UPDATE ON THE BIOMARKERS FOR TARGETED THERAPY IN TRIPLE-NEGATIVE BREAST CANCER

IbrahimAbdullahAlBalawi MDFRCSI, TahirAhmadMir BDS.
2017 International Journal of Advanced Research  
Breast cancers that demonstrate the absence of estrogen receptor and progesterone receptor and no overexpression of human epidermal growth factor receptor 2 (HER2) are referred to as triple-negative breast cancer (TNBC). Globally 1 million cases of breast cancer are diagnosed annually and Triple-negative breast cancer comprises 15%-20% of all breast cancers. The last decade has seen a revolution in the understanding of breast cancer, with new classifications proposed that have significant
more » ... e significant prognostic value and provide guides to treatment options. There are many biomarkers in TNBC used for its subclassification. Clinically-practical assay/biomarkers that can reliably identify TNBC are necessary. Biomarkers may be useful as prognostic or predictive indicators as well as suggest possible targets for novel therapies. Copy Right, IJAR, 2017,. All rights reserved. ...................................................................................................................... Introduction:- Triple-negative breast cancers (TNBCs) are defined by the absence of estrogen and progesterone receptors and the absence of HER2 overexpression. These cancers represent a heterogeneous breast cancer subtype with a poor prognosis. In 2012 about 1.7 million women worldwide were diagnosed with breast cancer (BC), and 521,900 women died from it.(1-2) TNBC represents 10%-20% of invasive breast cancers and has been associated with African-American American race, deprivation status, younger age at diagnosis, more advanced disease stage, higher grade, high mitotic indices, family history of breast cancer and BRCA1mutations. TNBC is regularly reported to be three times more common in women of African descent and in pre-menopausal women, and carries a poorer prognosis than other forms of breast cancer. (3) These statistics include all subtypes of BC, but it is well known that BC is not a homogeneous disease. Tumors in the breast have long been classified according to their morphologic features, histologic type, and grade (severity). Four major intrinsic subtypes have been identified by genomic studies: the luminal subtypes A and B, which express hormone receptor-related genes, basal-like (BL) BC, and HER2-positive BC. (4) More recently, gene expression analysis using DNA microarray technology has identified additional breast tumor subtypes that were not apparent using traditional histopathologic methods. Based on gene expression profiles, breast cancer can be classified into 5 main groups Luminal A , Luminal B ,Basal-like ,HER2 ,Normal breast-like. (5-6) Most breast cancers originate from the inner ("luminal") cells that line the mammary ducts. Luminal A and luminal B tumors are similar in that both are typically ER+ or PgR+, or both. However, they are dissimilar in that the A type is usually HER2-and the B type is more likely to be HER2+ and lymph nodepositive.Women with luminal Atumors are often diagnosed at a younger age. They tend to have the best prognosis, with relatively high rates of overall survival and relatively low rates of recurrence. Those with luminal B tumorstend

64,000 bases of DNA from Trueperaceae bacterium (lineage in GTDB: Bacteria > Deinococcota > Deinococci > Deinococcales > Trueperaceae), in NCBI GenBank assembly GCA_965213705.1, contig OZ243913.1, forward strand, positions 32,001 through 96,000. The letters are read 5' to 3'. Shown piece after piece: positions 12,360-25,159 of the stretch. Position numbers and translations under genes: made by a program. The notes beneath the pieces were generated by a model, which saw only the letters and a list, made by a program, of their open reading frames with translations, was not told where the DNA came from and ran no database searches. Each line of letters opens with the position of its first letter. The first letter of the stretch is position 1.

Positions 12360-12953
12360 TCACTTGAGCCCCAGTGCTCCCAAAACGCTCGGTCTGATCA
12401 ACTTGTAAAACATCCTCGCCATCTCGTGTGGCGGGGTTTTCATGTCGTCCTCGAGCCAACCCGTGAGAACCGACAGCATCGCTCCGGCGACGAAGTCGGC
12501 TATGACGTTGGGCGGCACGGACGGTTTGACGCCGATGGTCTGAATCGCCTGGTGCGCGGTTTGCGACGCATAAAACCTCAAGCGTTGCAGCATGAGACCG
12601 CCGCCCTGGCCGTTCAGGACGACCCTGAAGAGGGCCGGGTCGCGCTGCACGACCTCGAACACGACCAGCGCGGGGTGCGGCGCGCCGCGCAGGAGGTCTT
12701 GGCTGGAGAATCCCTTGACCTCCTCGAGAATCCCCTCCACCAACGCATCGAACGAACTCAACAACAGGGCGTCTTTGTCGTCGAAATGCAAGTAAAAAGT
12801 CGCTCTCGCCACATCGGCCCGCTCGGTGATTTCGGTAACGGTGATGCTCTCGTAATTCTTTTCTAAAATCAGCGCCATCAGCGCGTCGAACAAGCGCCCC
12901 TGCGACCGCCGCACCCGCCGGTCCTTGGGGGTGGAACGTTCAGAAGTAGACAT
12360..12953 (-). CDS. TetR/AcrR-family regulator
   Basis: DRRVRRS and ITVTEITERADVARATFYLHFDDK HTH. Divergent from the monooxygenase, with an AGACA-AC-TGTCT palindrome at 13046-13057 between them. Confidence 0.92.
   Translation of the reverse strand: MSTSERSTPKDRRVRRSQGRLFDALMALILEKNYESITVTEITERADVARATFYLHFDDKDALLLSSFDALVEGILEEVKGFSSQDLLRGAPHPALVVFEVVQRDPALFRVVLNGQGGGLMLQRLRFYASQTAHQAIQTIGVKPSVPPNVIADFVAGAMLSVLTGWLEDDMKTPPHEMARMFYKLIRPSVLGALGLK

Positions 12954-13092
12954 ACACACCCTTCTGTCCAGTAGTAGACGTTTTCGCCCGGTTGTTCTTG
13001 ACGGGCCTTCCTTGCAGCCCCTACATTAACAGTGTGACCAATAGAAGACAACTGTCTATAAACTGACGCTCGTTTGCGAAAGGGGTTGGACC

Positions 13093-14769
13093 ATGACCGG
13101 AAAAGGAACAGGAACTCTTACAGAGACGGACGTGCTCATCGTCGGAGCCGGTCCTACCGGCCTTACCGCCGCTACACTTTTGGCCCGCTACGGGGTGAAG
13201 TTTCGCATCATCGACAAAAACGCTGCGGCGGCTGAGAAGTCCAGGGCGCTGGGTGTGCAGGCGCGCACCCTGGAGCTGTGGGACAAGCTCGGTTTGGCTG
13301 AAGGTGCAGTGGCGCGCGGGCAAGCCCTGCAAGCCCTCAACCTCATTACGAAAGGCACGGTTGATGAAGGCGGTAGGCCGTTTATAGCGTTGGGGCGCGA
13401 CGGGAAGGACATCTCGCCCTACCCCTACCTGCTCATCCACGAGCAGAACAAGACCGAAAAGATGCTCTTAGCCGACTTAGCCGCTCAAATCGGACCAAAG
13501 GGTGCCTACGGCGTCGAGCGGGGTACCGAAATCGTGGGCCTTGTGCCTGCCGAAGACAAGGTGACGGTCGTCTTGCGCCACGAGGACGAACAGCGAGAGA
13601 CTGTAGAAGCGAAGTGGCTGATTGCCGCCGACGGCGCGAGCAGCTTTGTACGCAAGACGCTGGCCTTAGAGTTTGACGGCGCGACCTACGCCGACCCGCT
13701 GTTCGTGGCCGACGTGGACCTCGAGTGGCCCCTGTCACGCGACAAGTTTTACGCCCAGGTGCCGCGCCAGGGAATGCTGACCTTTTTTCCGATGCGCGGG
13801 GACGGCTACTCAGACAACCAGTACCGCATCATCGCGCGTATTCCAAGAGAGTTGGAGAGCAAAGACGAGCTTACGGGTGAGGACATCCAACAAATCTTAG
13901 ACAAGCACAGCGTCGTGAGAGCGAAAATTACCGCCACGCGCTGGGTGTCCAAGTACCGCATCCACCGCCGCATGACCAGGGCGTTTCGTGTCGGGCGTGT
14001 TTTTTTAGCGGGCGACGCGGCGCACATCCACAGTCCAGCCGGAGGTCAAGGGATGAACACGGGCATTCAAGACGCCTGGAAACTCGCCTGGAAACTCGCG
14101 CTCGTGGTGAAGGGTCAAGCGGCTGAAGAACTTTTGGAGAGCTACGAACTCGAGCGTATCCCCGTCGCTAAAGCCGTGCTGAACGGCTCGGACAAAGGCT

doi:10.21474/ijar01/3580 fatcat:pwjeydex3rcfzkz45obdmky23u